2016 May

USPTO Updates Examiner Guidance on Patent Subject Matter Eligibility – Section 101

May 20, 2016

The last update to the USPTO’s guidance to examiners on patent subject matter eligibility was issued in July of 2015. The USPTO recently provided the next iteration, which includes a new set of life science examples, a memorandum to the patent examining corps with instructions on formulating subject matter eligibility rejections and responding to applicant’s replies, an index of eligibility examples, and an appendix of subject matter eligibility court decisions. Copies of these documents can be obtained from the USPTO’s Subject Matter Eligibility page.

The new life science examples use hypothetical fact scenarios (such as vaccines and diagnostics) to illustrate exemplary analyses for subject matter eligibility in view of the Supreme Court decisions in Alice Corp., Mayo, and Myriad. The examples are designed to show various ways that patent claims can be drafted for eligibility, and thus assist patent applicants and patent examiners in resolving subject matter eligibility issues in the life science areas.

The examiner memorandum lays out what is required for a proper rejection and provides guidance to the examining corps on how to effectively communicate that rationale to the applicant. The memorandum also reinforces that examiners must carefully consider all of an applicant’s arguments and evidence rebutting the subject matter eligibility rejection, and either withdraw the rejection when the response is persuasive, or provide a rebuttal when the rejection is maintained.

In addition to this new update, the USPTO has stated that it will continue to conduct interactive workshops where examiners will receive hands on experience evaluating eligibility and have the opportunity to facilitate discussions with subject matter experts. The life science training will follow the same format as the abstract idea workshops given this past year, using worksheets to analyze the eligibility of claims from select life science examples.

The ultimate goal is to efficiently issue subject matter rejections where appropriate and provide a sound basis for those rejections, but also to remove those rejections where appropriate arguments and/or amendments are presented. As the post-Alice case law continues to evolves, this is certainly a difficult task.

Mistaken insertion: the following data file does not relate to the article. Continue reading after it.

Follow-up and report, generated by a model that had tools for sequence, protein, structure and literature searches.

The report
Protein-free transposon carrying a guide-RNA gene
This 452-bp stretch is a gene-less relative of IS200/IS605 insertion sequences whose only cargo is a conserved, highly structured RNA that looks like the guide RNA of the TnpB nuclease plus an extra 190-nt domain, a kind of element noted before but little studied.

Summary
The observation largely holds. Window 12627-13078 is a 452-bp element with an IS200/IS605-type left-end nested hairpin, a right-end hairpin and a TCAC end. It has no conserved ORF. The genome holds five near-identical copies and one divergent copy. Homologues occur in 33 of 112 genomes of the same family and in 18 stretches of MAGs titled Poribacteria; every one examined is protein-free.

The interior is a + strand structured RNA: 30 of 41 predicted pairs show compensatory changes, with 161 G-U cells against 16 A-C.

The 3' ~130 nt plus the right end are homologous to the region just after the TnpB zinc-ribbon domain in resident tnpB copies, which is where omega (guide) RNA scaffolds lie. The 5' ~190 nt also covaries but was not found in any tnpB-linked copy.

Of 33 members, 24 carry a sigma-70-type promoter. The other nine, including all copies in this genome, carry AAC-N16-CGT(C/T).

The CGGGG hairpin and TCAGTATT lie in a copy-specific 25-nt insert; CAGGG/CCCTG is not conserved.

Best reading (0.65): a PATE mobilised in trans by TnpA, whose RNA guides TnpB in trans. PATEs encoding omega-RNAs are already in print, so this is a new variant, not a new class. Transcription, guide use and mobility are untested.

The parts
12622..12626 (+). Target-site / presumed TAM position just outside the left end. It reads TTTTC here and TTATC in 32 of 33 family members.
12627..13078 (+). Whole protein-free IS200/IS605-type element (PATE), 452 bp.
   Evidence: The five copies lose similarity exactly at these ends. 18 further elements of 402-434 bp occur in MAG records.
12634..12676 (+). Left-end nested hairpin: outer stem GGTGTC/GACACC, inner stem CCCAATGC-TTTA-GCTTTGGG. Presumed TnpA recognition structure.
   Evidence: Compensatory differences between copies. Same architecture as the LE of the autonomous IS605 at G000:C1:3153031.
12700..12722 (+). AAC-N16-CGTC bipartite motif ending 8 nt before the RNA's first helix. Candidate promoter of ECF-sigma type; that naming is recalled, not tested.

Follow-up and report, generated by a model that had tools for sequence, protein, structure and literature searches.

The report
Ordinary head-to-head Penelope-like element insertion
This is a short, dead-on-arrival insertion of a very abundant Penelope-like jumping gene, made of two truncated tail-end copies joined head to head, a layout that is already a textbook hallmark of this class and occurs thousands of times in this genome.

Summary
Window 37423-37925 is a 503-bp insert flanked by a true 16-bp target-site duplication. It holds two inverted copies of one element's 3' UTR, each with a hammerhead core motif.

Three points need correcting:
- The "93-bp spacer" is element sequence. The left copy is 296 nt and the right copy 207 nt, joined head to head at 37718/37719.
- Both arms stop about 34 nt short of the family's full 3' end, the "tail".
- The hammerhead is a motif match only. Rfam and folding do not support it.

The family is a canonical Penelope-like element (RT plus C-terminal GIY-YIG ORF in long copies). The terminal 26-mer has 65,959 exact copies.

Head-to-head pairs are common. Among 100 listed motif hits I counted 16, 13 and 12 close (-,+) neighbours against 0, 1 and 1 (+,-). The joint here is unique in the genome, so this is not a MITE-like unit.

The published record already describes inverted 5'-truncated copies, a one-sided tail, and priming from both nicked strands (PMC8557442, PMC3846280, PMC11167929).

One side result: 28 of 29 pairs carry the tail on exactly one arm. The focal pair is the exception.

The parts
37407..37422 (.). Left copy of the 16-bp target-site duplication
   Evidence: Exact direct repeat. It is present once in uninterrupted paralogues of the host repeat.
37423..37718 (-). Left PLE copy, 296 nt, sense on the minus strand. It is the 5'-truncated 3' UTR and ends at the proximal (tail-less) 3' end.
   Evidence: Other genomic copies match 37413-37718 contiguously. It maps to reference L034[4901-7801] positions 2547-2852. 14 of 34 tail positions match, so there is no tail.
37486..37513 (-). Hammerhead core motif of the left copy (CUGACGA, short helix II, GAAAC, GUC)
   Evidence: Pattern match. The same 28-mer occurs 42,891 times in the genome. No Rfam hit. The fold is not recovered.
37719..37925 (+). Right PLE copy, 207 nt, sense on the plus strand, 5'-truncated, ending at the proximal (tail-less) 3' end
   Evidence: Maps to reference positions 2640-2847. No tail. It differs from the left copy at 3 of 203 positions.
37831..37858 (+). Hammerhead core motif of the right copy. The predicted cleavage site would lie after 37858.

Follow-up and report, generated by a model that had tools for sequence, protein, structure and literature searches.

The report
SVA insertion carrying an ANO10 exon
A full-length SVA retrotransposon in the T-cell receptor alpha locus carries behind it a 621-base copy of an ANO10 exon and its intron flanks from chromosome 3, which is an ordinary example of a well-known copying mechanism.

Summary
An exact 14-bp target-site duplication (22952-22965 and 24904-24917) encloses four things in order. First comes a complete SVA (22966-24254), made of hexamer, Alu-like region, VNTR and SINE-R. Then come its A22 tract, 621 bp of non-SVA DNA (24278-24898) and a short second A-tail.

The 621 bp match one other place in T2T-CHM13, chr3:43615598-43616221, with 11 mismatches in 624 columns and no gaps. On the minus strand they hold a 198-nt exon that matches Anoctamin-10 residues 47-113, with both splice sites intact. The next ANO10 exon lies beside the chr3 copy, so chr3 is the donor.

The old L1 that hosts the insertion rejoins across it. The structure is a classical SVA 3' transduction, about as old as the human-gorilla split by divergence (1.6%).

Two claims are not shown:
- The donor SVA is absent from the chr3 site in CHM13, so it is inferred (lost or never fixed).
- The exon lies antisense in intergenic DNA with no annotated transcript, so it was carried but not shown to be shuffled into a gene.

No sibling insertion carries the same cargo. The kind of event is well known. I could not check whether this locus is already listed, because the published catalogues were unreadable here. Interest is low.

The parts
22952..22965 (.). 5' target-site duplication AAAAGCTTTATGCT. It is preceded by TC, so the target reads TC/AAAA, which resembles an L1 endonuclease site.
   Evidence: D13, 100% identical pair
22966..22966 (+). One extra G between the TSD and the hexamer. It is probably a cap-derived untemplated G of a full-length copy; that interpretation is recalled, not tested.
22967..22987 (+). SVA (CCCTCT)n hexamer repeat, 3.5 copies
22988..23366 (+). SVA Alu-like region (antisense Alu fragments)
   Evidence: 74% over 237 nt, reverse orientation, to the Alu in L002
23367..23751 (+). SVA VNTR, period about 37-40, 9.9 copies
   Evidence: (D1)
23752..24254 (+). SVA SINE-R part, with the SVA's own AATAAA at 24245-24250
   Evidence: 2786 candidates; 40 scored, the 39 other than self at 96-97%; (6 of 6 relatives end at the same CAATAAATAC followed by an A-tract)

To learn more about subject matter eligibility and how it can affect currently issued patents or the pursuit of future patents, feel free to contact one of our attorneys.


Woodard Emhardt Obtains Dismissal of Trademark Infringement Complaint

May 19, 2016

Judge Stivers of the U.S. District Court for the Western District of Kentucky recently ordered that a trademark infringement lawsuit filed against operators of historical horse racing games by numerous prominent race tracks should be dismissed. The suit alleged that the defendants infringed upon the Plaintiffs’ trademarks by using the racetracks’ names to identify the location where historic horse races had taken place. The Court reasoned that the defendants were “fully within their rights to describe where an event took place in their wagering system without implying the owners of the racetrack are sponsoring the game…” Moreover, the court found that the defendants were protected by the fair use defense when describing where an event took place, even when the location described is most commonly conveyed using a registered trademark. Woodard Emhardt attorneys Spiro Bereveskos and Bill McKenna are representing the Defendants.


Woodard Emhardt Obtains Dismissal of Patent Infringement Complaint Under Section 101

May 12, 2016

Judge Stivers of the U.S. District Court for the Western District of Kentucky recently ordered that a patent infringement lawsuit filed against operators of historical horse racing games should be dismissed as the three patents asserted failed to claim patent eligible subject matter under 35 U.S.C. 101. In dismissing all three infringement claims, the Court wrote “[Plaintiff]’s patents encompass subject matter facially unpatentable under Section 101. The only plausible reading of the ‘150, ‘887, and ‘737 patents reflects that they are ineligible for patent protection. The Asserted Patents are abstract ideas, and [plaintiff] has failed to demonstrate an inventive concept required to transform these claims into patentable subject matter within the meaning of Section 101. Thus, the claims asserted in the Amended Complaint must be dismissed.” The opportunity for companies facing the threat of infringement from patent holders to obtain either invalidate those patents or obtain prompt and efficient dismissal such as this in litigation has significantly increased following the Supreme Court’s decision in Alice. Woodard Emhardt attorneys Spiro Bereveskos and Bill McKenna are representing the Defendants.